Sowing the seeds of hope for critically endangered magnolia tree
In the limestone hills of northern Vietnam, villagers have been busy planting one of the world's rarest magnolias back into its natural habitat.
More than 1,100 seedlings from the critically endangered Magnolia grandis have been planted out by people from three villages in Ha Giang province, northern Vietnam. In a bid to save the species from extinction, seedlings were planted in community forests – areas of land protected by village regulations – and within plantations of cardamom.
Planting will help to boost the population size of the species which had fallen to fewer than 150 adult trees as a direct result of illegal logging and loss of the species' forest habitat to farming.
The work may also help to support the livelihoods of cardamom farmers as cardamom grows best in shade provided by moderate to high levels of canopy cover. Some farmers are looking to plant fast-growing species, like Magnolia grandis, to increase canopy cover and protect their crops from winter snowfall.
The planting of the magnolias is part of a larger Global Trees Campaign project managed by Fauna & Flora International's (FFI) Vietnam programme and the local NGO, Center for Plant conservation (CPC). The project is working with local villagers and the Forest Protection Department to better protect a variety of threatened tree species in the wild, including the Endangered Vietnamese golden cypress (Cupressus vietnamensis).
The recent planting represents a major milestone for the project and comes after three years of work dedicated to training local villagers to identify different species, monitor threatened trees, collect seeds and grow seedlings in local tree nurseries.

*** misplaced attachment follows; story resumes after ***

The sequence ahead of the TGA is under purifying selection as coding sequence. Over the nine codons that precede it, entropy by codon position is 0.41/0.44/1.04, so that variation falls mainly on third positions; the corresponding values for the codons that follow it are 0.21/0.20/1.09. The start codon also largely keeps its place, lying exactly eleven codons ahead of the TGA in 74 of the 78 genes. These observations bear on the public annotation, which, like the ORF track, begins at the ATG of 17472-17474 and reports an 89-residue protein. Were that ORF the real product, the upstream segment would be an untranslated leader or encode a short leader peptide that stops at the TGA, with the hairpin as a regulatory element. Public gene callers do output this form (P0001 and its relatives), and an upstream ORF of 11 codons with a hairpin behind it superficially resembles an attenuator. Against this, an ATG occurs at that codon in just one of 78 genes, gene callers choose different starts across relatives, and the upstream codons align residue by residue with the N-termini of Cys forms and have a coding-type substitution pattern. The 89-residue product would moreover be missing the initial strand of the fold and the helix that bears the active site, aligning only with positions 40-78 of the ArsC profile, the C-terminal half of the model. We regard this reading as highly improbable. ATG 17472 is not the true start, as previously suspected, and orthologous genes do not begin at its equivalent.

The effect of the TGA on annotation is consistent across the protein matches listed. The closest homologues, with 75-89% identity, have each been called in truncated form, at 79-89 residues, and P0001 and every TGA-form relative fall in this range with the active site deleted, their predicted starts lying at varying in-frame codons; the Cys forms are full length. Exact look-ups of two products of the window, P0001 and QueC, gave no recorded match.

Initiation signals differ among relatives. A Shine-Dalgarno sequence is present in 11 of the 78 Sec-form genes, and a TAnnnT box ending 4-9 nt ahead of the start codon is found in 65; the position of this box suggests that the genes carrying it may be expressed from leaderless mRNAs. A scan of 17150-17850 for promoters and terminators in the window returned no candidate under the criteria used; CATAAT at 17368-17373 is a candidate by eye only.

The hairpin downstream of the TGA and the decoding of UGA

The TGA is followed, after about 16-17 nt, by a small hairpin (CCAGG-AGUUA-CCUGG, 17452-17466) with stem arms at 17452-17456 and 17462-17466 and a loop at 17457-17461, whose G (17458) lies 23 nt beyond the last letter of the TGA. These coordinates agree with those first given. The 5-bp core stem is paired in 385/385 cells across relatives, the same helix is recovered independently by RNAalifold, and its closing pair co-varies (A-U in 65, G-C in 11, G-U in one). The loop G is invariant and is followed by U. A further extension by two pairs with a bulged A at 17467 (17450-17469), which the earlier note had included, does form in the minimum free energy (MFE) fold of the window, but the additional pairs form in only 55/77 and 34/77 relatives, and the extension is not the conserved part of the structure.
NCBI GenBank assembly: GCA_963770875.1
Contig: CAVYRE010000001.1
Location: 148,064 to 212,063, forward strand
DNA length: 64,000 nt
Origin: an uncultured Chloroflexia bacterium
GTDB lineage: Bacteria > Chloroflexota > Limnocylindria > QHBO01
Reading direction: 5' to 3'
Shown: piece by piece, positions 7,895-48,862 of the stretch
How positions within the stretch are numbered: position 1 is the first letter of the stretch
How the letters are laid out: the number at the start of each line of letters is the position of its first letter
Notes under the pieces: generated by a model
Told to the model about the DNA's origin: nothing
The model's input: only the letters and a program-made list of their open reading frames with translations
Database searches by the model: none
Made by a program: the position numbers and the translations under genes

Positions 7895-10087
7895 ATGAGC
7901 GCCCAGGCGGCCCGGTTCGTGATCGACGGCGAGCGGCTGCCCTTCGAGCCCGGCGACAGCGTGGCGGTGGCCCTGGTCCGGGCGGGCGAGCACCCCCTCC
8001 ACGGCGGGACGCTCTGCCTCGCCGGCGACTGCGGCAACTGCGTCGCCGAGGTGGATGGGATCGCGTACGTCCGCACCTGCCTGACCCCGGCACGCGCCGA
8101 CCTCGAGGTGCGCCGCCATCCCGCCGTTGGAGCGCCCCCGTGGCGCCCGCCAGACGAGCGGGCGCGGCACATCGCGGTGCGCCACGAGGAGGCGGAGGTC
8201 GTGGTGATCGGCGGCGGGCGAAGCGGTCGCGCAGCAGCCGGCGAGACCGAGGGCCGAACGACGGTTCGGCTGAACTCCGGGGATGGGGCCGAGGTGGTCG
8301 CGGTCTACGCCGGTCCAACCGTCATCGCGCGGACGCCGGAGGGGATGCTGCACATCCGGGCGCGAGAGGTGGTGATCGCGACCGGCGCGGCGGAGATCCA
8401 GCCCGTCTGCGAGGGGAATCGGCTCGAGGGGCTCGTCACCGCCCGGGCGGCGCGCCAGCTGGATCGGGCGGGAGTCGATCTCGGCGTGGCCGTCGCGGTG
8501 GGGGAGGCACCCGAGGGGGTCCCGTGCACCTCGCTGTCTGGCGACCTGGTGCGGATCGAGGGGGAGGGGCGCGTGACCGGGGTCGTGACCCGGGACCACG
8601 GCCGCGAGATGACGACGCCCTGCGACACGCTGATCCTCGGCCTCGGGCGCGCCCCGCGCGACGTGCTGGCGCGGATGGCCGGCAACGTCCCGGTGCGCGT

Hieu Nguyen, vice-director of CPC said, "The success of the project comes down to the trust and understanding we have developed with local people. By helping to establish local village nurseries, we have helped people to grow and replant a variety of trees that complement and add value to traditional ways of life."
FFI and CPC are now looking to build on this achievement by working more closely with cardamom farmers to better protect the remaining trees and scale up restoration work. The work will be carried out in tandem with a project to save the critically endangered Tonkin snub-nosed monkey, a primate endemic to northern Vietnam which shares the same habitat as Magnolia grandis.
FFI's Country Programme Manager in Vietnam, Lam Van Hoang, said, "Integrating threatened tree conservation into our conservation projects for critically endangered primates will create a win-win scenario for both local livelihood improvement and biodiversity conservation in an entire landscape. In addition to the major objective of conserving threatened tree species, planting magnolias will help to support recovery of critical primate habitat as well as sustainable cardamom cultivation."